It the 670th anniversary of the Black Death this year. Cheery thought I know but it got me thinking, again! We’ve all heard of the Black Death of 1348 and 1665, but plague was a quite common occurrence. So what is plague?
Well plague is a bacteria that is spread by flea bites mainly. The rats get the blame but all they did was carry the fleas, sort of. A bite from an infected rat could kill, but the rat usually died from the bacteria and so the flea jumped ship to a new host. The rats in some way were as much a victim as the humans were. Poor things. People suffering from plague have symptoms similar to flu but they also suffer from swellings in the lymph nodes especially in the armpits and groin. These often rupture producing puss. It was rare that a person could catch the plague from another unless they received infected blood.
The plague or Black Death as it became known decimated Europe, but it is believed it came from China. The infected rats and fleas crossed the channel in 1348 and arrived in Dorset and spread from there. In 1349 a second wave arrived on a ship which docked in the Humber. At this time period no one really knows what the population of England was but it is believed it was around 6 million. The country had already lost a lot of people due to famine and the 100 Years War we were fighting against France (1337 to 1453) and continuing battles with Scotland. As a result it would be impossible to accurately state how many people died in the outbreak. One of the best ways to discover how many died was to look to the clergy. These men were on the front line of the disease. They would have helped care for the sick and also would have given the last rites to those at the end. This means they were the most exposed group. It is believed between 30 and 40% of the clergy died between 1348 and 1349. Now not all of these deaths would have been attributed to plague so if we take the lower figure of 30% as the death toll and put this into the general population then 1.8 million people in England would have died.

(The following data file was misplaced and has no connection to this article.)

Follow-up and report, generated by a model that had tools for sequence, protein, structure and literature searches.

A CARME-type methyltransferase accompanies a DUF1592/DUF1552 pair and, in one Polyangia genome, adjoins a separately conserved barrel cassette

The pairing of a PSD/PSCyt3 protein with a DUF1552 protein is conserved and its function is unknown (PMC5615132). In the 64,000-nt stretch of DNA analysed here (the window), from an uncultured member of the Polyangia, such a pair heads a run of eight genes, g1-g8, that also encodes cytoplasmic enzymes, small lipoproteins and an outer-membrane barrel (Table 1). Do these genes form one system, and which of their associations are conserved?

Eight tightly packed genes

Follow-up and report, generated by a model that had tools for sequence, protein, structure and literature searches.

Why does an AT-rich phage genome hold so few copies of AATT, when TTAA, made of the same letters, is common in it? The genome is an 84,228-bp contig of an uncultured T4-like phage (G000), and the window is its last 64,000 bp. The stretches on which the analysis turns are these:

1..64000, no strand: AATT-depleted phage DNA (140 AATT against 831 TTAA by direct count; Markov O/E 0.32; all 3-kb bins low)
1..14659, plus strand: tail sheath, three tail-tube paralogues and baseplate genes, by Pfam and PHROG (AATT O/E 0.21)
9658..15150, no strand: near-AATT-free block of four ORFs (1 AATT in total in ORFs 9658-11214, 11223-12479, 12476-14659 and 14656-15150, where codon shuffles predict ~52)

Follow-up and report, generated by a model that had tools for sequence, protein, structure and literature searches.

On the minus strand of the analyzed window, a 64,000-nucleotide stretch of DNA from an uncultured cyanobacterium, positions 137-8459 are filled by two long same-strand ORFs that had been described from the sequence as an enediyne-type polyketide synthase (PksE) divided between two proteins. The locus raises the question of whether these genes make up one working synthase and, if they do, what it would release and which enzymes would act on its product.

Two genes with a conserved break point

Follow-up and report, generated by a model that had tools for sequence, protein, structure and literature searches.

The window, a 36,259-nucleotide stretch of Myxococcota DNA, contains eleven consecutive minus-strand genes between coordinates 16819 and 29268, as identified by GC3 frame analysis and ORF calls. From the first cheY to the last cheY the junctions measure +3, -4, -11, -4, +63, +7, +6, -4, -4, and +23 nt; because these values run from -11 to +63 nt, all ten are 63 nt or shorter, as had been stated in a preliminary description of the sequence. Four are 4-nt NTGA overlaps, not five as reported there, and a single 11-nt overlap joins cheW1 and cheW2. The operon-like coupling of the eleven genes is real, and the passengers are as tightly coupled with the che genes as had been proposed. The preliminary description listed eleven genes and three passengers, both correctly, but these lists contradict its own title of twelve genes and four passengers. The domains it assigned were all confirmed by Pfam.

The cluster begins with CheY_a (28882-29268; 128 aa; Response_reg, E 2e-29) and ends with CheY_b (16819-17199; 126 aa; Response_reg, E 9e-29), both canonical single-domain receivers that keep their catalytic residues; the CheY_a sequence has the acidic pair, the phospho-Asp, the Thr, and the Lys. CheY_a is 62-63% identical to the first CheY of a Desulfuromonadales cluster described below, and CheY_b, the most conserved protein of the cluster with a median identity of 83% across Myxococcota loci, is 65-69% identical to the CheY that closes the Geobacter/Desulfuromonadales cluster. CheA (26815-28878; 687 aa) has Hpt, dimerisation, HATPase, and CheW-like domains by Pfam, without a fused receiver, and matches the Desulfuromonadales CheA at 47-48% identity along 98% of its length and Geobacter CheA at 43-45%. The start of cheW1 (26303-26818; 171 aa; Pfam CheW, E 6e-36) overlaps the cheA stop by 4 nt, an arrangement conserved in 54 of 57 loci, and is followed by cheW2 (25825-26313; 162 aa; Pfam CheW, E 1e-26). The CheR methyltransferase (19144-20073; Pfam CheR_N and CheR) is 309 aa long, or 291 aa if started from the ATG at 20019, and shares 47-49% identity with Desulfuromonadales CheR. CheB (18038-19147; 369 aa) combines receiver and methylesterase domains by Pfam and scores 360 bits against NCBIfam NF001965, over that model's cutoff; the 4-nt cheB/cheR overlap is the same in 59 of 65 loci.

If you put it into the context of your ancestors with a new generation coming along every 30 years your approximately 22 time great grandparents would have survived the outbreak!
This wasn’t the only visit of the plague. It came back several times.
In 1361/62 it is thought the death rate was around 20%.
In 1369 it is thought the death rate was around 10 – 15%.
In 1471 it is thought the death rate was around 10 - 15%.
In 1479/80 it is thought the death rate was around 20%.
The next biggest epidemic came in 1665 predominately in London. If you look at the Bill of Mortality (the document which shows what the people of London died from) at the end of 1665 it shows that 68,596 people died from the plague. In 1664 only 6 died of plague and in 1666 1998 died of the plague presumably these people mainly died before the Great Fire in September. In 1667 only 35 people died of the plague. What most people don’t know about this outbreak is that there was another place that was affected.
Eyam, a small village in Derbyshire also fell victim to the bacteria. The local tailor bought a bolt of cloth from London and he got free fleas with it. People started dying within a week. The local Rector, Reverend William Mompesson, recognised what was happening and decided to quarantine the village. The villages put money in vinegar at the boundary to the village and people from other villages left food. As a result the plague did not spread. It continued in the village for 14 months and in this time the burial records show 273 died. It also seemed that some people had immunity to the plague. Entire families were decimated but one or two members survived, even the village grave digger who handled the bodies survived, but then unless he got infected blood in him he should have been OK as the fleas would have hopped off once the person died. Perhaps it was like now where some people don’t get bitten by bugs and others do, they just don’t taste nice.
Should we worry about plague now, well no. It’s totally curable with antibiotics.
So we’ve had all these outbreaks in England over the years killing millions of people, but we are here now, which means our ancestors survived. They lived through frightening times and survived and so as a result we are here today!
Hello and thank you for taking the time to read my ramblings on genealogy and history in general. I hope you find it informative and hopefully funny!